I am going to buy Knit Kimono this weekend, if I can find it at either Barnes and Noble or Borders, both are within easy striking distance.
I'll share this on the blog because I don't think Cousin C knows about it, but even if she does, I don't care. Love ya C.
Cousin C lived on Okinawa for a few years. When she came back she bought a house near my parents, and I spent years of my childhood bopping back and forth between her house and mine. Not enough time at hers, too much in mine. I remember the night before her first son was born, we were at the fireworks display at the racetrack, and she hoisted her 9 months and pending little self to the hood of their station wagon to watch the show from the parking lot. And went into labor a few hours later, and Cousin S appeared the next day. I don't think I've ever told him my memories of that, but he'd get a kick out of it. He almost got born at a horse race track.
I spent more time there in my teenage years, especially after I got a driver's license (she was close, but not walking distance). When my home life became surreal, and not in the normal teenage sense, I'd retreat to her house and flop on the big sectional sofa (remember the ones made of individual cubes?) and drink iced tea and watch TV shows starring Bruce Boxleitner, and miniseries featuring Joan Collins. And Cousin L and I would do our nails and laugh a lot, and it was a break from the House of Depression.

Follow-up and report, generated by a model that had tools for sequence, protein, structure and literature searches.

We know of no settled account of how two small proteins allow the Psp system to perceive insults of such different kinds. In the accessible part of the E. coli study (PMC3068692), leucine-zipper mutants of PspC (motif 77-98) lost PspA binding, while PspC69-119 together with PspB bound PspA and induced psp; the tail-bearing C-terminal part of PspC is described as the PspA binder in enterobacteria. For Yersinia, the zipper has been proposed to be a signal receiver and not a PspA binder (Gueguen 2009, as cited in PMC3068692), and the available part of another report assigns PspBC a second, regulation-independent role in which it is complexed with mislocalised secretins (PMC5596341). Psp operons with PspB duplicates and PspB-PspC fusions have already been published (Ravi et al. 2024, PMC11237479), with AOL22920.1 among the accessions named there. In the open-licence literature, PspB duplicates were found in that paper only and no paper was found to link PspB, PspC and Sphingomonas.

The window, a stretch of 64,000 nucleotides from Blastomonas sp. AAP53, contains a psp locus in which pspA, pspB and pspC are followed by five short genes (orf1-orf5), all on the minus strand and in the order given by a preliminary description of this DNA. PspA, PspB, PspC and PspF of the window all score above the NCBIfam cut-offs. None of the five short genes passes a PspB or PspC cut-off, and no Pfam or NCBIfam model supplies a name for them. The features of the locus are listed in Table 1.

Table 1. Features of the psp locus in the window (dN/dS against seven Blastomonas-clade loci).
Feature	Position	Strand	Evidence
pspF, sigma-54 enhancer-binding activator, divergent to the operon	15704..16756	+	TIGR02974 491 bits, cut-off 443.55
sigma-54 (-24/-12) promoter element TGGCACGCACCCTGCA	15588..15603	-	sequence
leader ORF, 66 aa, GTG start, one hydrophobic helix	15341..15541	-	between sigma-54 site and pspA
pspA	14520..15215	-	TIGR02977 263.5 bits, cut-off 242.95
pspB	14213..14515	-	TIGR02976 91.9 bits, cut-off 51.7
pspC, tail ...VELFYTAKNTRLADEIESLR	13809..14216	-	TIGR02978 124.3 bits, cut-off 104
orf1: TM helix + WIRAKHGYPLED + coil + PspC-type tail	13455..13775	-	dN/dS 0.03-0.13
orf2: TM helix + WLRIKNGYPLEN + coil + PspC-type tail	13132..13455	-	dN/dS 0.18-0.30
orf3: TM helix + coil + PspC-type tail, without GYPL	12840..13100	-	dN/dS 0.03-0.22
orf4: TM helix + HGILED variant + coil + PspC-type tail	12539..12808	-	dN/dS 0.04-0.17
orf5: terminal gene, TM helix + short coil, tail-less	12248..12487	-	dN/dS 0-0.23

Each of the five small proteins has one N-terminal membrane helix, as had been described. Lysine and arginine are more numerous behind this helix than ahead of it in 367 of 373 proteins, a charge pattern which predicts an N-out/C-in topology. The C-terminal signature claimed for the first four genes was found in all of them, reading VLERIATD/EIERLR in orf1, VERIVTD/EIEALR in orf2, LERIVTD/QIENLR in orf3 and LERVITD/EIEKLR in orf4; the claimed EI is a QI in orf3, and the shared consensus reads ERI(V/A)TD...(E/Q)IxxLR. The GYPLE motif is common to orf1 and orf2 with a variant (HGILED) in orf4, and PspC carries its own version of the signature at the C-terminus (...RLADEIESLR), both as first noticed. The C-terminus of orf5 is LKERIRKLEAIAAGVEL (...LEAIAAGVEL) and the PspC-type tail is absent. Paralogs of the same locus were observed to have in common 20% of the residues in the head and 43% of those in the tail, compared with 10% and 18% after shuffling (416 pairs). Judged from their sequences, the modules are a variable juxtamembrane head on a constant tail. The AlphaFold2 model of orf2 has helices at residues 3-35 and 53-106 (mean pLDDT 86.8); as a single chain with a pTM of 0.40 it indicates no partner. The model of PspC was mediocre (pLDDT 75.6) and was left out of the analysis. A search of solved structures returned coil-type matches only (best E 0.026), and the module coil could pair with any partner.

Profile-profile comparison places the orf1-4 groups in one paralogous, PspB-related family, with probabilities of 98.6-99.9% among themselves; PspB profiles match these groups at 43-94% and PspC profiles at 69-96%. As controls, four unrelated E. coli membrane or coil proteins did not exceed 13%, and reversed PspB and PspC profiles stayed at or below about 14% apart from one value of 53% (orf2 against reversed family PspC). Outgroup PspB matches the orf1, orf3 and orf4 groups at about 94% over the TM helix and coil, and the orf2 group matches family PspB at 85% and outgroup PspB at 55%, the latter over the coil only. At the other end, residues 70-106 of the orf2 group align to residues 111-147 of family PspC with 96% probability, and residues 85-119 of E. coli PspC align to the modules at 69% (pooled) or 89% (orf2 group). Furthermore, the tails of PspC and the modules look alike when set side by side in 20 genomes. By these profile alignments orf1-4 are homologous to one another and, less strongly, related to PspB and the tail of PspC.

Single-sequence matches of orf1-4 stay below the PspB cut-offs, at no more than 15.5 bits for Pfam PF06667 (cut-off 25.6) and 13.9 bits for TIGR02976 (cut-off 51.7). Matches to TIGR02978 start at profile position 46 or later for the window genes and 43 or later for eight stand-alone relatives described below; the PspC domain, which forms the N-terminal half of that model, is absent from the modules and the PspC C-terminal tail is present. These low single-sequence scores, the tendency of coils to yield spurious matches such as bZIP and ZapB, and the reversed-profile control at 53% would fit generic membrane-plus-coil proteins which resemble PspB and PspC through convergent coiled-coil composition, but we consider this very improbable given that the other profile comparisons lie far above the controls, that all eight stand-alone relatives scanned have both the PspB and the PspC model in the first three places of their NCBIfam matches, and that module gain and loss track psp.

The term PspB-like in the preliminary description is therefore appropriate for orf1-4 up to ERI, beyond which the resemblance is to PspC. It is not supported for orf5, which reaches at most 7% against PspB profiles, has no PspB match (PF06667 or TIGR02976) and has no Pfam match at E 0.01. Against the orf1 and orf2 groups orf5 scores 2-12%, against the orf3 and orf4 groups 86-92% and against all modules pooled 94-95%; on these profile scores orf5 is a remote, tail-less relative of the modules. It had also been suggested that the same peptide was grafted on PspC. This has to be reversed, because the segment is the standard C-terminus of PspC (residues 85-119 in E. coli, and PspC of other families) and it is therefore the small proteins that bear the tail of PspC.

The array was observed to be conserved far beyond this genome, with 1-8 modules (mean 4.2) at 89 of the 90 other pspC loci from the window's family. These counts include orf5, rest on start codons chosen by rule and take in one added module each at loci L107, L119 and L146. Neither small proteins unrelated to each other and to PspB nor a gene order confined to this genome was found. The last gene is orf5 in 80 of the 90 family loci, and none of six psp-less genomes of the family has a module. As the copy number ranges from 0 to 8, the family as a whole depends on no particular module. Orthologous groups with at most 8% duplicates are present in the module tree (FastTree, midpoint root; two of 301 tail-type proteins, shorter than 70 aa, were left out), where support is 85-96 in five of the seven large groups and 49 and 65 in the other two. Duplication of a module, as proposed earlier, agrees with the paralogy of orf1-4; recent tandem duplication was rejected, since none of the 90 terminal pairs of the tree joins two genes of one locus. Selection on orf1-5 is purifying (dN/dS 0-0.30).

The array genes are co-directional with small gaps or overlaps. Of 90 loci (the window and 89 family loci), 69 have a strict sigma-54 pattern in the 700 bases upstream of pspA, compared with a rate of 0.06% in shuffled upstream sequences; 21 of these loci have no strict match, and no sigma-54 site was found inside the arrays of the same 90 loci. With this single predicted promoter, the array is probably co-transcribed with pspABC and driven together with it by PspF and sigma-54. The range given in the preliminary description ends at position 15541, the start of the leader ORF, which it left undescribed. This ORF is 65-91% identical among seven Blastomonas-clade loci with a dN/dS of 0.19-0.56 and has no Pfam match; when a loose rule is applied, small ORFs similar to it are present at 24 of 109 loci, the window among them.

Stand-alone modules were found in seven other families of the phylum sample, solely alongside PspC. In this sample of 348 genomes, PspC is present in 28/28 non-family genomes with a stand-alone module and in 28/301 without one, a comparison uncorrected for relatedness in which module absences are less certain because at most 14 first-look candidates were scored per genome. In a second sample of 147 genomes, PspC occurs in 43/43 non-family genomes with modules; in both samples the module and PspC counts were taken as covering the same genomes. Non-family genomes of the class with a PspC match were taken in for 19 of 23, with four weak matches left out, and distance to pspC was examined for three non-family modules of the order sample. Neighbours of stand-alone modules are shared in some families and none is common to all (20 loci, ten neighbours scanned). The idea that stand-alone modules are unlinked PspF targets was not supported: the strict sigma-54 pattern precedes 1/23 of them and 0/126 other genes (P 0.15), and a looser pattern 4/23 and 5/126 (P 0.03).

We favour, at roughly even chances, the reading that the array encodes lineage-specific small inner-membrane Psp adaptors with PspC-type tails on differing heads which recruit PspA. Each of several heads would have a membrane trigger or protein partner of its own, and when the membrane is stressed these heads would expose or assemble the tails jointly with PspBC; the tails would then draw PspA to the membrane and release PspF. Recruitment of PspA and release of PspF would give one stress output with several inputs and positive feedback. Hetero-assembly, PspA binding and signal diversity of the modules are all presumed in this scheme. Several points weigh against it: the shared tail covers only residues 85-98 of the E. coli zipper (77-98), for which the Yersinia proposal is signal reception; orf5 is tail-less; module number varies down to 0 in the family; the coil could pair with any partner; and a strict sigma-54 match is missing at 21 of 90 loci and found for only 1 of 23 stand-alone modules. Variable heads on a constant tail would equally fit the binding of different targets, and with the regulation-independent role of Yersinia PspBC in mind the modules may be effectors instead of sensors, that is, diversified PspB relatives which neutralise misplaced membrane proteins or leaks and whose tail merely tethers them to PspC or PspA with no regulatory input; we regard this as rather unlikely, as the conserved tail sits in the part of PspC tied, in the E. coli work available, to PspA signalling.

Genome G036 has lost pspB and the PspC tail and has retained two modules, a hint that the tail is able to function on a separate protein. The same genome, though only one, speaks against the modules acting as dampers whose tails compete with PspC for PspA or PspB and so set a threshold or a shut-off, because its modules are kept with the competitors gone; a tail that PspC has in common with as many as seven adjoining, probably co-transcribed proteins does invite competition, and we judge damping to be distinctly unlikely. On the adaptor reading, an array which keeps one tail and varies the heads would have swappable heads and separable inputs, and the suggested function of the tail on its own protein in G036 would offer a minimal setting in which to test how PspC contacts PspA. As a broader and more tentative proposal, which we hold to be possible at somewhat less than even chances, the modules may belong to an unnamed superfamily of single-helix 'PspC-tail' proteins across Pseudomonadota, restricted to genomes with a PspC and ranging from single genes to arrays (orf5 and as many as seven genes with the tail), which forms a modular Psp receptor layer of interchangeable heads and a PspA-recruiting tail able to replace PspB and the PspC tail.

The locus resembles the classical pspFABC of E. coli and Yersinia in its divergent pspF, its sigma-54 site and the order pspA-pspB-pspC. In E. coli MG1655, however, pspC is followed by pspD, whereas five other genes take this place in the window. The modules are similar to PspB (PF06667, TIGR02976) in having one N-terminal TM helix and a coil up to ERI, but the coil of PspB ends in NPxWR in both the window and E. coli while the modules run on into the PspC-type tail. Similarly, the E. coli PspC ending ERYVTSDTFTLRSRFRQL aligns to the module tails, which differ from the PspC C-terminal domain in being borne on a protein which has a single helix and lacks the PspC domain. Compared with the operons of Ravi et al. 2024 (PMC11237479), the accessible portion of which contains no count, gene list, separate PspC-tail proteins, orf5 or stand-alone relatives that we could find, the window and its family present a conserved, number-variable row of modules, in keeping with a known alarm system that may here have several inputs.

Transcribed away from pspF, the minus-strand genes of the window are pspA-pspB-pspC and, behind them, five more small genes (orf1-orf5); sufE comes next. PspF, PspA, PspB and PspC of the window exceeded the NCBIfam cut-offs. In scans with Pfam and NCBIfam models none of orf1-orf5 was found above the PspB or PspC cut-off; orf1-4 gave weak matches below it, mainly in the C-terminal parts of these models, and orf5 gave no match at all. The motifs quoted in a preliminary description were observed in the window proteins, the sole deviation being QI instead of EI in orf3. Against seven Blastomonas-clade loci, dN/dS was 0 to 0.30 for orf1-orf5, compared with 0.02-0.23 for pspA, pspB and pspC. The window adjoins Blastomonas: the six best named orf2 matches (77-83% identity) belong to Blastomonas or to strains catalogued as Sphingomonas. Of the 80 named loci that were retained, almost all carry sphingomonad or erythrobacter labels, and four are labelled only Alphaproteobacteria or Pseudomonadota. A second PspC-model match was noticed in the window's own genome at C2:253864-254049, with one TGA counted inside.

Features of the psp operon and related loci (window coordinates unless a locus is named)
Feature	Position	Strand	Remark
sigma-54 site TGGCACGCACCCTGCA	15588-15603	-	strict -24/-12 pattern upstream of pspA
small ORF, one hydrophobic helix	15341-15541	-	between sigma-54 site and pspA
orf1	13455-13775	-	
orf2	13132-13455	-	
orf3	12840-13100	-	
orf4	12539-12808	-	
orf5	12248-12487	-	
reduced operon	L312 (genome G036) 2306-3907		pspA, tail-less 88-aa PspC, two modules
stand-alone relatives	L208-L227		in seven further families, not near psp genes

But one of the things I remember vividly was that when she returned from Okinawa, she brought me and her sister, Cousin L, kimonos. We were, I think around 6 and 7 years old at the time. Cousin C was heavily into caftans, kimonos, all sorts of floaty things, and still dresses with flair. You should have seen her putting on her gold jewelry to go eat at an open-air casual restaurant on the Intracoastal. Like she was going uptown, baby.
Cousin C was so casual, fun, interesting - I heard the first Beatles albums at her house. In later years I became a Rolling Stones kind of girl, but hey, I was 6 or 7, and Michelle, Ma Belle in Paul's English accent was the pinnacle of exotic and amazing. And I loved that kimono.
And Cousin C will be 65 next year, and is still as much fun as ever. And I want to make her a kimono. She's planning to move closer to her sons in MD in her "Old Age" (as if she'll ever get "old") and she'd be so at home there sweeping around in a knitted kimono when it's cold. And after all, a kimono is my natural destiny, knitting-wise - I love all things geometric and built in interesting ways. It's knitting karma. A karmic knitted kimono.